“The point made was that ‘laws relating to the matters taken into account in determining the level of sentence are ... substantive’, or arguably so. This is to suggest that a change to s 9 is a change of substantive law. I respectfully disagree and would follow and endorse the categorisation given in Truong: the change is to procedure. What the section does is to identify factors (but not all factors) to which a court must have regard when imposing a sentence. The actual imposition of a sentence is an exercise of discretion. Section 9 seeks to regulate the manner in which the discretion is to be exercised by an identification and weighting of factors to be taken into account and balanced out. A change to the factors, or a reordering of their priorities is not, in my opinion, properly described as changing a substantive law. It affects only the manner in which judges go about exercising the discretionary power of sentencing. To add to or subtract from the list of factors to be considered, even the removal of a factor normally regarded as important as a plea of guilty, would not, in my opinion, effect an alteration to the substantive law of sentencing.”

  1. Chesterman JA also wrote the leading judgment in R v Pham (2009) 197 A Crim R 246 where observations were made about the applicability of s 9(6A) and s 9(6B) to the sentencing of an offender who offended before the provisions had been enacted, but who was sentenced after the provisions commenced.  Keane JA (as his Honour then was) agreed with Chesterman JA’s reasons on this point observing at [5] to [7]:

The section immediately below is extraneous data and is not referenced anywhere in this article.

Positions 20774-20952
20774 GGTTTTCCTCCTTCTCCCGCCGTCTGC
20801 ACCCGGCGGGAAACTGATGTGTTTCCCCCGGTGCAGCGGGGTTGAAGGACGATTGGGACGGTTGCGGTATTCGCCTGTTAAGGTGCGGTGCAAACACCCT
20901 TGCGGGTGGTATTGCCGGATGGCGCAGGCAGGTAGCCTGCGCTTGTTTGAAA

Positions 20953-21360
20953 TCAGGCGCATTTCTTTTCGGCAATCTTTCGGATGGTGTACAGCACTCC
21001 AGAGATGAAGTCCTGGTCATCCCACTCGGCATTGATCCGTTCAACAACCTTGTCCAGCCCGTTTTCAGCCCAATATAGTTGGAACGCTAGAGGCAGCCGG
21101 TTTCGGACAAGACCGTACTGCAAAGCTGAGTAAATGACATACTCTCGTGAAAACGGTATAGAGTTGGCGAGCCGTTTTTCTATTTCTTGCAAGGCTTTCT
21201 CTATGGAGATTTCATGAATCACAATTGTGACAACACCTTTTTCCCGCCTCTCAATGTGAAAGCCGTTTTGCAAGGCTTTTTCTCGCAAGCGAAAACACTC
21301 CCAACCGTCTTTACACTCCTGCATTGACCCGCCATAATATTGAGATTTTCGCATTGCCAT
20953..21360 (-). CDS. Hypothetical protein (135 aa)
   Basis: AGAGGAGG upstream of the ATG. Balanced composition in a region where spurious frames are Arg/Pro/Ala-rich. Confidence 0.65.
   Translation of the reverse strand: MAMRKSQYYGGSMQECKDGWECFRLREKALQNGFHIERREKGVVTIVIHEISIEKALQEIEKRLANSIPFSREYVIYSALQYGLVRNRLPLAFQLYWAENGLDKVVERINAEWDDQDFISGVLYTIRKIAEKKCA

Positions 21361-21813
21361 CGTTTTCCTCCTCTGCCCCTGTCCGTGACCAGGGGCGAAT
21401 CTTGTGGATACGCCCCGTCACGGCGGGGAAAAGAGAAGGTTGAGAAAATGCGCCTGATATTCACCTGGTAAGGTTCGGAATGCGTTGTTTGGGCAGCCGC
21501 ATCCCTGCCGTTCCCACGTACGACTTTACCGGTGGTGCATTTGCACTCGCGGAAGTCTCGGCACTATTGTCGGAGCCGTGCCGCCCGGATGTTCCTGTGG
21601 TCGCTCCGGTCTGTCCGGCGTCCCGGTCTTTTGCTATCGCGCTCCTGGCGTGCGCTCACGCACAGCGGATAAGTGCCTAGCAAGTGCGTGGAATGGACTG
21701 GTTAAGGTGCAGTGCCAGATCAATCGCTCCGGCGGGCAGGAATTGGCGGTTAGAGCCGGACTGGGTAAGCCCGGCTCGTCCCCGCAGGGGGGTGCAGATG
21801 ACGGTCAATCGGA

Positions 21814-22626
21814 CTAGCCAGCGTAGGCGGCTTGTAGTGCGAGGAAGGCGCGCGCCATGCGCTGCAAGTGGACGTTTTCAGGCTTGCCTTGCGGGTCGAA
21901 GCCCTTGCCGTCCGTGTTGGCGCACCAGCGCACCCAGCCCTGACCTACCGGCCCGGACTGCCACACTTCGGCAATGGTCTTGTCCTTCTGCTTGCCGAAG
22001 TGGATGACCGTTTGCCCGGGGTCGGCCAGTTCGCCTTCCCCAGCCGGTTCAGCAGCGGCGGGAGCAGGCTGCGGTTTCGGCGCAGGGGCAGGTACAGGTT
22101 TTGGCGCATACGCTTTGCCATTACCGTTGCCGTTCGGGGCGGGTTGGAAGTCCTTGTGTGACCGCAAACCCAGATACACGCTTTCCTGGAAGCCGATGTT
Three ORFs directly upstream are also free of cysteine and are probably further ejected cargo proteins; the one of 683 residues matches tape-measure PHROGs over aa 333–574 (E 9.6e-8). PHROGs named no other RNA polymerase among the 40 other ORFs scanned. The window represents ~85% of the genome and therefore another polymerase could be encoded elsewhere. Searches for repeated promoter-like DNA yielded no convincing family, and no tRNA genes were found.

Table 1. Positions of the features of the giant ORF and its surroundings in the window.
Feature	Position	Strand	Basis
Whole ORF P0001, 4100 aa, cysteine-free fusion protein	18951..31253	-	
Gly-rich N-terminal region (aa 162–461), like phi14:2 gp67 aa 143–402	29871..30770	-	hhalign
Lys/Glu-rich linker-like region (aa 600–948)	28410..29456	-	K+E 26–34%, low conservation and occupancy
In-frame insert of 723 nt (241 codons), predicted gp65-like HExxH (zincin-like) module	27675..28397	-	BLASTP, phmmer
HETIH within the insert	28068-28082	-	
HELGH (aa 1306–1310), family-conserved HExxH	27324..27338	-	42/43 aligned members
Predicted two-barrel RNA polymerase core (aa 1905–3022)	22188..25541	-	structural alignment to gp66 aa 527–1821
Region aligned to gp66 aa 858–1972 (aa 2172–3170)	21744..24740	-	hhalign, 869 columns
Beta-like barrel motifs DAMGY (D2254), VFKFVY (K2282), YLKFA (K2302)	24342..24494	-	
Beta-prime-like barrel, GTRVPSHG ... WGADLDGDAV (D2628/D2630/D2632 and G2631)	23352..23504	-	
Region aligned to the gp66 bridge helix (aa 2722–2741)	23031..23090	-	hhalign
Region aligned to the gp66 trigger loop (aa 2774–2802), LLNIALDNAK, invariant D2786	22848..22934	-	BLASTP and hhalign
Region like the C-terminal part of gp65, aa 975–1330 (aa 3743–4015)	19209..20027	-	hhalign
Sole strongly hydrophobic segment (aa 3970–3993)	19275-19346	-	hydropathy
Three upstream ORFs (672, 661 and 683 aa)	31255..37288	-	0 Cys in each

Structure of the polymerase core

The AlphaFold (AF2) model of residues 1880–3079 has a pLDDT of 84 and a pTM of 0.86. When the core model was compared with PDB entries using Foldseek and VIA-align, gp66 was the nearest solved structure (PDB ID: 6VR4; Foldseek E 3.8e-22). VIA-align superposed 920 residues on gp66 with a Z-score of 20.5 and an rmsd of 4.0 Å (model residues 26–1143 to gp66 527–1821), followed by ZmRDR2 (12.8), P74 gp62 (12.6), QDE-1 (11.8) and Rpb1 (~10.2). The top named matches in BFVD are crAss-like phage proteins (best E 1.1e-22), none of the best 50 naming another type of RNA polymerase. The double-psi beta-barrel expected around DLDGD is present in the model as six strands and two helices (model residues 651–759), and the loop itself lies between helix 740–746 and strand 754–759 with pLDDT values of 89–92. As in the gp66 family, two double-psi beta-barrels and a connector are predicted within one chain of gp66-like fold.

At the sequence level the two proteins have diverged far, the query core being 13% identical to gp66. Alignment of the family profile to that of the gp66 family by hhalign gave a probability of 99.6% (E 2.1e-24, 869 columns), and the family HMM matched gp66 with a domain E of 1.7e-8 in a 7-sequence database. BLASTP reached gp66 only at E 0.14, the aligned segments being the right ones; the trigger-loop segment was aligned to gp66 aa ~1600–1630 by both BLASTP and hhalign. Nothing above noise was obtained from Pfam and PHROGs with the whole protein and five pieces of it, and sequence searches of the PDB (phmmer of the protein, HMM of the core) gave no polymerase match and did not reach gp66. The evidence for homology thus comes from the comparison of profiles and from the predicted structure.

“[5] Sections 9(6A) and s 9(6B) of the PSA are concerned, as were the provisions which they amended, including s 9(2)(a), to lay down the principles to be applied by the Court in sentencing an offender. These provisions inform the exercise of the sentencing discretion: they are not concerned to authorise the imposition on an offender of punishment to any particular extent, much less ‘to any greater extent than was authorised by the former law’. The extent of the punishment authorised for a given offence is determined by legislation other than s 9 of the PSA.

[6] The application of the sentencing principles in s 9 as amended will not result in the imposition of punishment to a greater extent than might have been imposed prior to the amendment in question. The most that can be said is that the application of the amending sentencing principles may have that effect. That this is so can be understood more clearly when one reflects upon the nature of the sentencing process, described in the High Court in Markarian v The Queen, as a process of ‘instinctive synthesis’.